As COVID-19 keeps wreaking havoc worldwide, putting entire countries under severe economic and healthcare stress, it has also brought much of the sporting world to a grinding halt.
Confusing times are not uncommon for cricketers.
Bizarre and frustrating incidents are rarely confined to a match or a season, instead preferring to spread themselves out neatly over the course of a career, meaning the often-quoted maxim that “cricket is a funny game, but I haven’t laughed in years” rings true for many who play the game.
With this in mind, and with a nod to the uncertain and unnerving times in which we now find ourselves, it seems an opportune moment to dissect just some of the quirks and oddities that pervade our summer game.
At its most basic level the rain delay sees an interruption from normal play, with cricketers are shunned to the confines of the dressing room, finding themselves at a loose end and searching desperately for anything to keep themselves entertained until they can return to the field and a sense of normality. Sound familiar?
It exists because cricket is no good in the wet. The leather ball quickly becomes unusable. A few shots to the outfield and it resembles a long-discarded dog toy. Impossible to grip, it renders the fundamental skills of the fielding side – bowling and catching – nigh on impossible.
It’s no better for the batsmen either, as the rain will rapidly ruin even the most expensive of English willow cricket bats. Don’t forget either that for an outdoor sport too much rain on the turf wicket will see it flooded, and a flooded pitch means no match. So it usually doesn’t take long once the rain starts falling for the umpires to demand the covers be fixed in position before ushering both teams from the field.
Once off the field, players must confront their next challenge: how to pass the time. Usually there is an initial flurry to the smartphone to check the radar – more on the Bureau of Meteorology’s role in the rain delay later – to establish how long they’ll need to entertain themselves.
From this point some among the group – usually the younger ones – will start playing some form of mini cricket. Cries of, “One hand, one bounce,” and, “Can’t get out first ball” drive those not involved in the match to the clubrooms to make themselves a weak and wholly disappointing cup of instant coffee. Faced here with the unenviable task of making small talk with the opposition, some among the group will instead turn to the races in search of a quick buck and to help kill the time.
With no sign of the rain easing, and having been quarantined off the ground for almost an hour, an early lunch will be called, giving the umpires another half hour’s grace before having to make a decision. Inevitably the half-hour lunch break will provide some respite from the rain, perhaps even some sunshine. Oh, the irony.
About 20 minutes after the last sandwich has been finished and only 20 minutes before everyone thinks to crack open their first beer the umpire will poke his head into the dressing room to let the team know that the rain has ceased momentarily and there will be an inspection in five minutes. It’s uUsually met with groans from those who are on the punt. Everyone knows this means one thing: covers.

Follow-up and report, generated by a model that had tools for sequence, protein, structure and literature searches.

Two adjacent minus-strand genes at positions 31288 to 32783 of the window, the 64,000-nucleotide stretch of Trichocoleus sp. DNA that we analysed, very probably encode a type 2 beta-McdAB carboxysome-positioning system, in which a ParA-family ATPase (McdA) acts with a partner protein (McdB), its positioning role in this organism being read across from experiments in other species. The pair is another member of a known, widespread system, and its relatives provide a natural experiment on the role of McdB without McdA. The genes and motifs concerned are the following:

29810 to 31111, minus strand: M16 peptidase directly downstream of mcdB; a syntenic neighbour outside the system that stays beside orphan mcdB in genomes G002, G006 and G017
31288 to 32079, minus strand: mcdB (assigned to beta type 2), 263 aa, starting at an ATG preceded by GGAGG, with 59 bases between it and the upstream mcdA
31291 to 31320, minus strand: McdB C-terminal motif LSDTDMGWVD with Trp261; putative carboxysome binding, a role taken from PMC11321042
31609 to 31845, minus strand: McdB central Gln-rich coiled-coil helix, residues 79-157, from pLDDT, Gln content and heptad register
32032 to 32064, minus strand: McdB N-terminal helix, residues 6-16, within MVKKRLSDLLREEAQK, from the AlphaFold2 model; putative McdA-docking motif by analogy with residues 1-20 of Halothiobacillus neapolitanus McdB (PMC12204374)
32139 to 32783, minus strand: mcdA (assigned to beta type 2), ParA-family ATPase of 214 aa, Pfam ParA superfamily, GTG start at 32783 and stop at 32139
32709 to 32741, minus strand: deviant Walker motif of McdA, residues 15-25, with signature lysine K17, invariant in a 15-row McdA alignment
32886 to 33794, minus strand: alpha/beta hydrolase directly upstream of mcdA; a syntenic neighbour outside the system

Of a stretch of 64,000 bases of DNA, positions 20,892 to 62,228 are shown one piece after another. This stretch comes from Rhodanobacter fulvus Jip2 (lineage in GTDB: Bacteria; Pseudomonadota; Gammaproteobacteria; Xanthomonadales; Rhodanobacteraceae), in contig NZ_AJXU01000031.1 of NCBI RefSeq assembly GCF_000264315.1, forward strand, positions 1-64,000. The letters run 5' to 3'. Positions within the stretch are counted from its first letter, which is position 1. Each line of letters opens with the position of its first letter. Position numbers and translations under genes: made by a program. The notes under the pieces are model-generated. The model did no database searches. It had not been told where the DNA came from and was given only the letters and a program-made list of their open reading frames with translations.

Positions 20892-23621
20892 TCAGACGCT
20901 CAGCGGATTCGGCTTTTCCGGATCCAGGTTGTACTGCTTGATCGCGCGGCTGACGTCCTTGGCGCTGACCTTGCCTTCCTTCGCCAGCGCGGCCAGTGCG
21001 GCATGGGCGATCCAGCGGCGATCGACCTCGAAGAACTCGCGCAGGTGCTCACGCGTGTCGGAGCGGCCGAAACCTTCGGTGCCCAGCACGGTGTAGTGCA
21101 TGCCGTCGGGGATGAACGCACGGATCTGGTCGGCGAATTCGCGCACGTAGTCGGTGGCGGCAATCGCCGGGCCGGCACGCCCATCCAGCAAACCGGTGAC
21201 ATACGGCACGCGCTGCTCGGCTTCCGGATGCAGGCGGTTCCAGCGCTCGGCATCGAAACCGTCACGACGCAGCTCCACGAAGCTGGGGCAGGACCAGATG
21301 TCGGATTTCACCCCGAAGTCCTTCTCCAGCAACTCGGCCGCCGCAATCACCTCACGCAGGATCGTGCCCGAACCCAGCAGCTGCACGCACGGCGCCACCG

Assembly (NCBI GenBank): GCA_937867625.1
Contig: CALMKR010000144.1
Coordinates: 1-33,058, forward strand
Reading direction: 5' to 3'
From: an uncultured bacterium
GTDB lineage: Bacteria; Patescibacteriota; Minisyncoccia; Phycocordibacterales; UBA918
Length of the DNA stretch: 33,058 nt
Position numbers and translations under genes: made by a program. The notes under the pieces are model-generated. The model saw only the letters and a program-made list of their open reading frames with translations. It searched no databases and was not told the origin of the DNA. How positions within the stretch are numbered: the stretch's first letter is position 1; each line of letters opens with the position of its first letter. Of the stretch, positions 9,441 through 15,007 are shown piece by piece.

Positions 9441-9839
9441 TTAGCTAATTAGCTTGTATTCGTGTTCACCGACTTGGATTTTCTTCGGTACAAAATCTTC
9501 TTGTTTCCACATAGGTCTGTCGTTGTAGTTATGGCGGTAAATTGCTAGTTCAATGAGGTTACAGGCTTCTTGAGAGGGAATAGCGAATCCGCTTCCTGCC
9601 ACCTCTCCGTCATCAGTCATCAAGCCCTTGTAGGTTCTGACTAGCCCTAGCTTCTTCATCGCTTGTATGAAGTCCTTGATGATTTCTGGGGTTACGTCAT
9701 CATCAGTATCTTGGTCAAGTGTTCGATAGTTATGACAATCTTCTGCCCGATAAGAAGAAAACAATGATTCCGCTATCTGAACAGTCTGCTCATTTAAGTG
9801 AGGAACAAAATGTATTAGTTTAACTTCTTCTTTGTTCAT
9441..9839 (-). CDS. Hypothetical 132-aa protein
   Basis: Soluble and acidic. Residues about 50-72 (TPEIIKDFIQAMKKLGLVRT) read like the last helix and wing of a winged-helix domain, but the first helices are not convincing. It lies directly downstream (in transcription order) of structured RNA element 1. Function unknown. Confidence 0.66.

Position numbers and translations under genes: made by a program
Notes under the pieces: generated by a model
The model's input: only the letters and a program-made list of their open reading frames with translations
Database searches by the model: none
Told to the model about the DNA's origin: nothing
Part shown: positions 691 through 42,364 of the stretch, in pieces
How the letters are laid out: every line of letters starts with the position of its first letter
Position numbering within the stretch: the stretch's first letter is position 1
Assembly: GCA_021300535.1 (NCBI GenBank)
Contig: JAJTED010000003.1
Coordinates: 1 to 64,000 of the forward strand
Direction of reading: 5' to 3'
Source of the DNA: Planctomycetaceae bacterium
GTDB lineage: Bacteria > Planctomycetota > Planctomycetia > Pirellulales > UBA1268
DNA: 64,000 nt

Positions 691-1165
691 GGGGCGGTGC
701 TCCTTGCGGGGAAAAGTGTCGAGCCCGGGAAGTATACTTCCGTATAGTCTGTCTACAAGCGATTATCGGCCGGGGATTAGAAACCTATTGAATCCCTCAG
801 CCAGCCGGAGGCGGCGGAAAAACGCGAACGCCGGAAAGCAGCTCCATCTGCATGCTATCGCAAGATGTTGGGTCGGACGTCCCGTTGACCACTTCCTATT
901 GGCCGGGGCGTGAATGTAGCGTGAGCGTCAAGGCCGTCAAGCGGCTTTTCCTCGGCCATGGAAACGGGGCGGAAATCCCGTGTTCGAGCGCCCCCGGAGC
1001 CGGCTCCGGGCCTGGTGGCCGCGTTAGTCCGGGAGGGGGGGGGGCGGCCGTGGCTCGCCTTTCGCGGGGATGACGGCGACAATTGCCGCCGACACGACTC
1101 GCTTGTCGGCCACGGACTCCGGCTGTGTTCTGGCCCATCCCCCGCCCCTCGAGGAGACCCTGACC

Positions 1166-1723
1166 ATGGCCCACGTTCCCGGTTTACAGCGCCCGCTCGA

No cricketer is actually quite sure of the best way to remove a full set of covers despite the fact they have to do it in at least some capacity almost every match of the season. In any case, 22 players will try to navigate the immeasurably heavy ‘full cover’ off the square.
This usually requires one person – usually a senior player for the home team – to establish himself as the foreman, providing directions and advice to 21 others as to how they can get this damned thing off the ground while providing limited actual assistance in shifting it. The foreman is not to be confused with the umpire or umpires, who refuse to help in this process, instead preferring to walk around to the furthest corners of the outfield, prodding the surface with an umbrella to test just how wet the ground is.
Once the full cover is finally off, it will necessarily start to drizzle. At this point everyone becomes an expert thanks to our aforementioned friend, the radar, courtesy of the Bureau of Meteorology.
Few things give cricketers a sense of power like announcing to everyone else on the ground that the covers really should have stayed on considering there is another band of yellow coming through in about 15 minutes. Real or imagined, the bands, loops and systems of rain and weather that make themselves identifiable on the 256-kilometre radar loop keep cricketers intrigued and often engaged in heated debate about the resumption of play. Added to which, there is an inherent bias in each player’s perspective on the matter considering the current state of the match. Yes, remember there is still a game going on despite the fact there hasn’t been any action for over three hours!
By the time 4:30pm rolls around with still no play, everyone has reached the end of their tether – see quarantine day 12. The umpire, lured by the dangling carrot of a full day’s pay for less than a full day’s play, is keen to call stumps.
Importantly, calling it a day relies on agreement from both captains to pull the pin. This is of less consequence if the rain is falling on the first day of a two-day game – a one-day match can be played next week. But in any other scenario the decision to shake hands and abandon play can have a significant bearing on the ladder position. What if other teams get a full day? What if it stops raining and we could actually get back on? What if?
Cricketers find themselves in the unique position where the fortunes of a match, a season and even a career can be in the hands of the weather. Embracing the fact that the unknown and uncontrollable wield such influence, perhaps we can all heed an idea from those who wait in the dressing room, allowing it all simply to pass before resuming as normal.